amusicsite dn ʎɐʍ sᴉɥ┴ Staff Member

    Location:
    UK
  11. amusicsite

    amusicsite dn ʎɐʍ sᴉɥ┴ Staff Member

    Location:
    UK
  12. classic33

    classic33 Über Geek

    Eyes now set on the red planet.
     
  13. amusicsite

    amusicsite dn ʎɐʍ sᴉɥ┴ Staff Member

    Location:
    UK
    Falcon Heavy launch day today.... Providing the weather improves.

    This is what is supposed to happen, beautifully done in sync with the songs lyrics.

    View: https://www.youtube.com/watch?v=Tk338VXcb24


    All going well you can see if they get it right live here.

    View: https://www.youtube.com/watch?v=wbSwFU6tY1c


    Though there have been a few delays and tomorrow is reserved for a 2nd attempt.

    I find it quite amazing that they intend to save all three boosters, that would be quite an achievement and the two coming down together should look amazing.
     
  14. amusicsite

    amusicsite dn ʎɐʍ sᴉɥ┴ Staff Member

    Location:
    UK
  15. amusicsite

    amusicsite dn ʎɐʍ sᴉɥ┴ Staff Member

    Location:
    UK
    Success!!!

    DVYUXb9U8AAaEtW.jpg:large.jpeg DVYWR2IUQAAutMB.jpg DVYYFPhXUAIhkqX.jpg:large.jpeg
     
  16. amusicsite

    amusicsite dn ʎɐʍ sᴉɥ┴ Staff Member

    Location:
    UK
    https://www.cnbc.com/2019/02/13/spacex-falcon-heavy-rocket-one-year-later-business-case.html

    This is quite a nice review of the first year of the falcon heavy. Looks like they have probably made their development money back with the orders so far. Not likely to be used much at the moment but their is demand for it's use. They may even be able to drop the price a bit to ramp up demand if they wanted.

    If it becomes a cheap reliable reusable rocket. It could position itself as a cheap enough option for the companies that want to build large stuff in space to use and realise their dreams. Most of these companies seem to have plans to fly multiple loads up and construct things in space. It's really about a good price per kg and sending as much up as possible each time. I think the heavy might just hit the right price point and capacity to kick start mass continuation in orbit.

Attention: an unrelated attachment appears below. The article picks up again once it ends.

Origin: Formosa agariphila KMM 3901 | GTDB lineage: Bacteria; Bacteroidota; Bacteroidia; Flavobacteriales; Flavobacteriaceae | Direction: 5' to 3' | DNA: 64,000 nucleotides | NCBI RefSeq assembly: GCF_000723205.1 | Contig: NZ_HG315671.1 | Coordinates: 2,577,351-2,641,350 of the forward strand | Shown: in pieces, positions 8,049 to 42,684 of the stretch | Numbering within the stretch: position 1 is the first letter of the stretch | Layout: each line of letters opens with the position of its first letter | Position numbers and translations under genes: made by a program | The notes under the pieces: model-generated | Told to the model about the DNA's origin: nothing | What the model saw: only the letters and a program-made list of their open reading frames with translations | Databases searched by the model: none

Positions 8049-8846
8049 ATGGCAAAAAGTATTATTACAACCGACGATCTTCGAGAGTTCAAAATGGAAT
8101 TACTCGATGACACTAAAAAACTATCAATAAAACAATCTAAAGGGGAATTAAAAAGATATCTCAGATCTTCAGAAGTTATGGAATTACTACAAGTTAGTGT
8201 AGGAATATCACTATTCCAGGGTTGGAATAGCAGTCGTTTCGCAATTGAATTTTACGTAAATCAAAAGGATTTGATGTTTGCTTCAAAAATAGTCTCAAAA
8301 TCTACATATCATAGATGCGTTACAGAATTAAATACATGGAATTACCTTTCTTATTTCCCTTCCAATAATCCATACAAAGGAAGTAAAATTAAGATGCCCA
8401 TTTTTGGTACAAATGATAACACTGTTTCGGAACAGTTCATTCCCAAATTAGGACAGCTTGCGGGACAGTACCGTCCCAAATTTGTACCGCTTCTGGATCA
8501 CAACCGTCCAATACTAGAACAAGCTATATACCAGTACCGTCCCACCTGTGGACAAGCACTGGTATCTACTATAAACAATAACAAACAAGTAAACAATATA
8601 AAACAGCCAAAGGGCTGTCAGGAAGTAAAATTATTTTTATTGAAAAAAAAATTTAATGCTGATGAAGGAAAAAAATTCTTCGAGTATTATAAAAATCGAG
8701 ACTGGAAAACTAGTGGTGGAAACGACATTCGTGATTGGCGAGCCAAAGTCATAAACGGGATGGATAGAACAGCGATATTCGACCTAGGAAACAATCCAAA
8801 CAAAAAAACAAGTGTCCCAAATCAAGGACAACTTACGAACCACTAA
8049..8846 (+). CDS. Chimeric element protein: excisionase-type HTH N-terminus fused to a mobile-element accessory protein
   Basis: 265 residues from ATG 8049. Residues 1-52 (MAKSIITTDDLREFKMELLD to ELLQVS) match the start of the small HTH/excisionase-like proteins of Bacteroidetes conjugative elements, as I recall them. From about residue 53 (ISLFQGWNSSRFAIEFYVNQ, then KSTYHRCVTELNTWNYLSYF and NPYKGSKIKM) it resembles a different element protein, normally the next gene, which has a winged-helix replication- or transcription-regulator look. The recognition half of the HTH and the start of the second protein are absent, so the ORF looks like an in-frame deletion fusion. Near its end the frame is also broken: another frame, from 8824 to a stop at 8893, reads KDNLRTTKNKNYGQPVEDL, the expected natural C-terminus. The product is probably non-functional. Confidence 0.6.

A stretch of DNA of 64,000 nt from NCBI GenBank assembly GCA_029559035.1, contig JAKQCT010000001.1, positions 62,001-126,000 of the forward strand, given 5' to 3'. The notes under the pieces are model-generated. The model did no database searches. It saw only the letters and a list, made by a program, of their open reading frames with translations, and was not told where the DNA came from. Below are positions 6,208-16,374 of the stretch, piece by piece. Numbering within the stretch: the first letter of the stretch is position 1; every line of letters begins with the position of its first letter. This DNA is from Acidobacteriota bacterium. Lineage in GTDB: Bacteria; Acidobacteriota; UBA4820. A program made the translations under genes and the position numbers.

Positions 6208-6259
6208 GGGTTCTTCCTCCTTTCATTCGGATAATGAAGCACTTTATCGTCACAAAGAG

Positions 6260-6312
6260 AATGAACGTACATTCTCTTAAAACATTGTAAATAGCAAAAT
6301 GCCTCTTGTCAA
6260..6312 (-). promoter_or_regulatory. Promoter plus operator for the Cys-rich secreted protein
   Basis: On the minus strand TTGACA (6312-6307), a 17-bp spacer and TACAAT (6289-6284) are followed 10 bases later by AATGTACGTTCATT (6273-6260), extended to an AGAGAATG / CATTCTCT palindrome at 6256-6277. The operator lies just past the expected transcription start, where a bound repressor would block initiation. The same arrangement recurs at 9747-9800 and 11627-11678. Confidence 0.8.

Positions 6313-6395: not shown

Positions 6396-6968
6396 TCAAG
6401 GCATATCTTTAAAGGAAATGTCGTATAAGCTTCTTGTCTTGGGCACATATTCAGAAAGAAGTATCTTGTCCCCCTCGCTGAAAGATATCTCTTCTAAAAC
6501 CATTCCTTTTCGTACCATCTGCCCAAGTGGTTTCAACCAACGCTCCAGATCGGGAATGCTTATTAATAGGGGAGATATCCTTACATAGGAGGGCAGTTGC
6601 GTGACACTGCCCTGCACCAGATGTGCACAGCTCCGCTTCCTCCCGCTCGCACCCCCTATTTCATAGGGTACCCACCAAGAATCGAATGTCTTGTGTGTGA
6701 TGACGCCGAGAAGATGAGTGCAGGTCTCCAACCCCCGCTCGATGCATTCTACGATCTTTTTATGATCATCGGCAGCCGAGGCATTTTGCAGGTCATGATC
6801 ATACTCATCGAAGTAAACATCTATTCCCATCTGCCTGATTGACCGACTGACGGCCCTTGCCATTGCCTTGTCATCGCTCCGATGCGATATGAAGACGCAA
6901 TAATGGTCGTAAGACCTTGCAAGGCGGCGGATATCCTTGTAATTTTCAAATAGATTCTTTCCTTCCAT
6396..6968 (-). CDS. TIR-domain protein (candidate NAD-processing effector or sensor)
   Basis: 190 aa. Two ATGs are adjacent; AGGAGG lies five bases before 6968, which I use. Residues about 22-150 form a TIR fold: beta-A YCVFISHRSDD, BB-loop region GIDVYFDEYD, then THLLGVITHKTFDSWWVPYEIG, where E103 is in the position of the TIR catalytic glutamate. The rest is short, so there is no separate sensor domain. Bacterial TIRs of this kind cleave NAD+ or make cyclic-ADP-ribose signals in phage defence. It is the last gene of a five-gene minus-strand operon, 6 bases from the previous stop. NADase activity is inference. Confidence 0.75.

17. amusicsite

    amusicsite dn ʎɐʍ sᴉɥ┴ Staff Member

    Location:
    UK
    Well it's splashdown time for the SpaceX dragon crew capsle and looks like it's been a successful mission all round.

    Launch OK.
    Automated docking OK.
    Separation OK.
    Touchdown OK.

    Next up they will be checking Ripley, the sensor filled dummy on board to check the gravitational forces and things like that. If all looks good then it's the next big step of putting up the first real humans.
     
  18. amusicsite

    amusicsite dn ʎɐʍ sᴉɥ┴ Staff Member

    Location:
    UK
    https://phys.org/news/2019-05-spacex-satellites-rocket-advance-big.html

    SpaceX are getting ready to ramp up their ambition of setting up a truly global internet network from space. With a revolutionary 60 mini satellites in one launch, except they have delayed the launch till next week as they have found a software update they want to do before launch.

    The payload has a craft that will deploy the satellites once in orbit, deploying one at a time into a chase orbit so they go around in a chain like pattern. These are still test versions and can only communicate with ground stations. The final plan is that they will also be able to communicate with each other. Presumably this will allow them to send data to nearer where it is needed from space before sending the signal back to earth.

    As far as I understand this is not really for communication direct from your device but more a case of using something like a satellite dish to access the network. Which would mainly benefit remote villages, ships out in remote places, aeroplanes and the like.

    These test ones will be at a higher orbit than the ones they want to mainly use after the two test prototypes they launched recently had an unacceptable lag. The lower they can fly them the less the lag. Also once they go end of life it's easier to send them back to earth and they are designed to fully burn up on reentry.